There has been a pronounced trend of late whereby famous chefs write gardening books and famous gardeners put out cookbooks. Although the connection is not a new one, this repeated treatment of produce=food as a startling, profound, and radical insight would have you believe that prior to the last ten years or so no gardener had ever deigned to cook a potato and no chef had ever planted a carrot.
To be sure, until I recently dug into some great books and articles, I would never have thought the summer harvest had a place in the kitchen. To think, I've spent my whole life crippled by the belief that garden produce must be consumed on the spot wherever it is plucked from the earth. Not that I didn't enjoy gnawing on raw collard greens and rutabagas, but I was moved to the point of tears that the great minds of our time had finally figured out a way to apply fire and flavor to home-grown vegetables.
No longer must my oven be reserved for frozen pizzas and chicken nuggets; no longer does water boil for tea and noodles alone; no longer shall salt be set aside in case of frozen sidewalks. The kitchen welcomes you, cauliflower; you as well, green beans; squash: let's see what you can do in a microwave. The possibilities are endless!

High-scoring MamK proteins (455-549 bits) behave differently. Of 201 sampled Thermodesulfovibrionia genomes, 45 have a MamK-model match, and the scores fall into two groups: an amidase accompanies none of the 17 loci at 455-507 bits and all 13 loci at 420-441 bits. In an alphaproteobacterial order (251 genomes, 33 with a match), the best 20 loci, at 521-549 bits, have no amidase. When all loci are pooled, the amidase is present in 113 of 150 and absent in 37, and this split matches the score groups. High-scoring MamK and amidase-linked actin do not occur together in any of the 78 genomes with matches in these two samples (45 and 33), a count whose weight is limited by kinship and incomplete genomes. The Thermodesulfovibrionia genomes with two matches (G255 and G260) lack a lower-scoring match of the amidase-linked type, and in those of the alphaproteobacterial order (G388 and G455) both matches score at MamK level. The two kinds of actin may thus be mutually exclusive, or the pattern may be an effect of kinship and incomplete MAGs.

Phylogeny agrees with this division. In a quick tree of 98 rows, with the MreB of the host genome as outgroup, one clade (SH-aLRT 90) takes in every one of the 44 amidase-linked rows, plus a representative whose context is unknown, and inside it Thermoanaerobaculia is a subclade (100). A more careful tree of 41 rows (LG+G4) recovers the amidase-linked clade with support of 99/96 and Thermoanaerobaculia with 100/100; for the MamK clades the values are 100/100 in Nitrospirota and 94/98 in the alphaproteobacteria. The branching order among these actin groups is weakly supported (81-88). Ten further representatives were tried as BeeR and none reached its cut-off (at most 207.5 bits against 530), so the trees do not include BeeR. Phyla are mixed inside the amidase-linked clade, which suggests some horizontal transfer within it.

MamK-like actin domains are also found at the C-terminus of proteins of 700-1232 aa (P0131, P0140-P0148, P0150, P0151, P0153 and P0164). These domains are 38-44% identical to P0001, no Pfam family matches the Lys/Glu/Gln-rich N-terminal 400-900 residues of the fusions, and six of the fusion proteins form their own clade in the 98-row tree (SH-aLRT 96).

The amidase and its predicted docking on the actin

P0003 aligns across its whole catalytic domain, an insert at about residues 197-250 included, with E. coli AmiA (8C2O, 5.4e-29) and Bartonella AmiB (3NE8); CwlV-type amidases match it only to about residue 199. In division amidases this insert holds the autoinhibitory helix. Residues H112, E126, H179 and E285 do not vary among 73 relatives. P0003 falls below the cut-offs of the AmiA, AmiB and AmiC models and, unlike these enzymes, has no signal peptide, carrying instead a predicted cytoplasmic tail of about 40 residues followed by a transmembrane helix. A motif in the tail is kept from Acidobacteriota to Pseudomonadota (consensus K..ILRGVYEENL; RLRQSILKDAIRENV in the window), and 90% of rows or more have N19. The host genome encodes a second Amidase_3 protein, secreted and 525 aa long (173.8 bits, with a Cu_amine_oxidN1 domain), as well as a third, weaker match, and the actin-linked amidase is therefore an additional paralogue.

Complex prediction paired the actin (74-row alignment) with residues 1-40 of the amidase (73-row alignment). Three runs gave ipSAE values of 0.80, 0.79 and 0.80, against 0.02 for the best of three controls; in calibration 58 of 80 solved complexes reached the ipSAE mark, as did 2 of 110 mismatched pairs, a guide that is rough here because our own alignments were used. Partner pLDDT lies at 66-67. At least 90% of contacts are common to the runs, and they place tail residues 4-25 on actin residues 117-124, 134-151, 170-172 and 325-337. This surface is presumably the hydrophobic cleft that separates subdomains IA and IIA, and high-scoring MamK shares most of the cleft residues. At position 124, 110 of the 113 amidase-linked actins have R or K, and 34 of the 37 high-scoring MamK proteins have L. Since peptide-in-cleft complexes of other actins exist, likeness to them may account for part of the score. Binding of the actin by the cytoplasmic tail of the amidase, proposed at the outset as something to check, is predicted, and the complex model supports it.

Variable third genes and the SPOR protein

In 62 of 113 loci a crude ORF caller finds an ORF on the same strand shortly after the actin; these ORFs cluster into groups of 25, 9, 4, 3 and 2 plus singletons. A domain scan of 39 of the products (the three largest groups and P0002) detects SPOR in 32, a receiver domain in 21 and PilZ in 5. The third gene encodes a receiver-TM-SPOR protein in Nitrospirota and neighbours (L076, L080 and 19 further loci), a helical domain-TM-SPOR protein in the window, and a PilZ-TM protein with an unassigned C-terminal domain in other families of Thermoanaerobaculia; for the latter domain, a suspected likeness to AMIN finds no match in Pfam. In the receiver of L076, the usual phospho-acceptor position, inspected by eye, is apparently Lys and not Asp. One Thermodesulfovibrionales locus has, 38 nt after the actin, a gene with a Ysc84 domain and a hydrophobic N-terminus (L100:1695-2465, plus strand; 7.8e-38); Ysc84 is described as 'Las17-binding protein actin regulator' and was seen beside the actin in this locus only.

My own cookbook should hit the shelves soon, but for now, here's a teaser from the first recipe I've painstakingly developed. I call it: Put Some Vegetables In the Oven.
|Put Some Vegetables in the Oven. Step 1.) Put some vegetables in the oven. Step 2.) You'll just have to buy my cookbook!|
I'm still experimenting, of course, but additional recipes will likely include such brilliant culinary oeuvres as: Broccoli Suspended over Boiling Water; Kale-in-a-Pan; and Not-Raw Potatoes. Oh! but I've revealed too much ...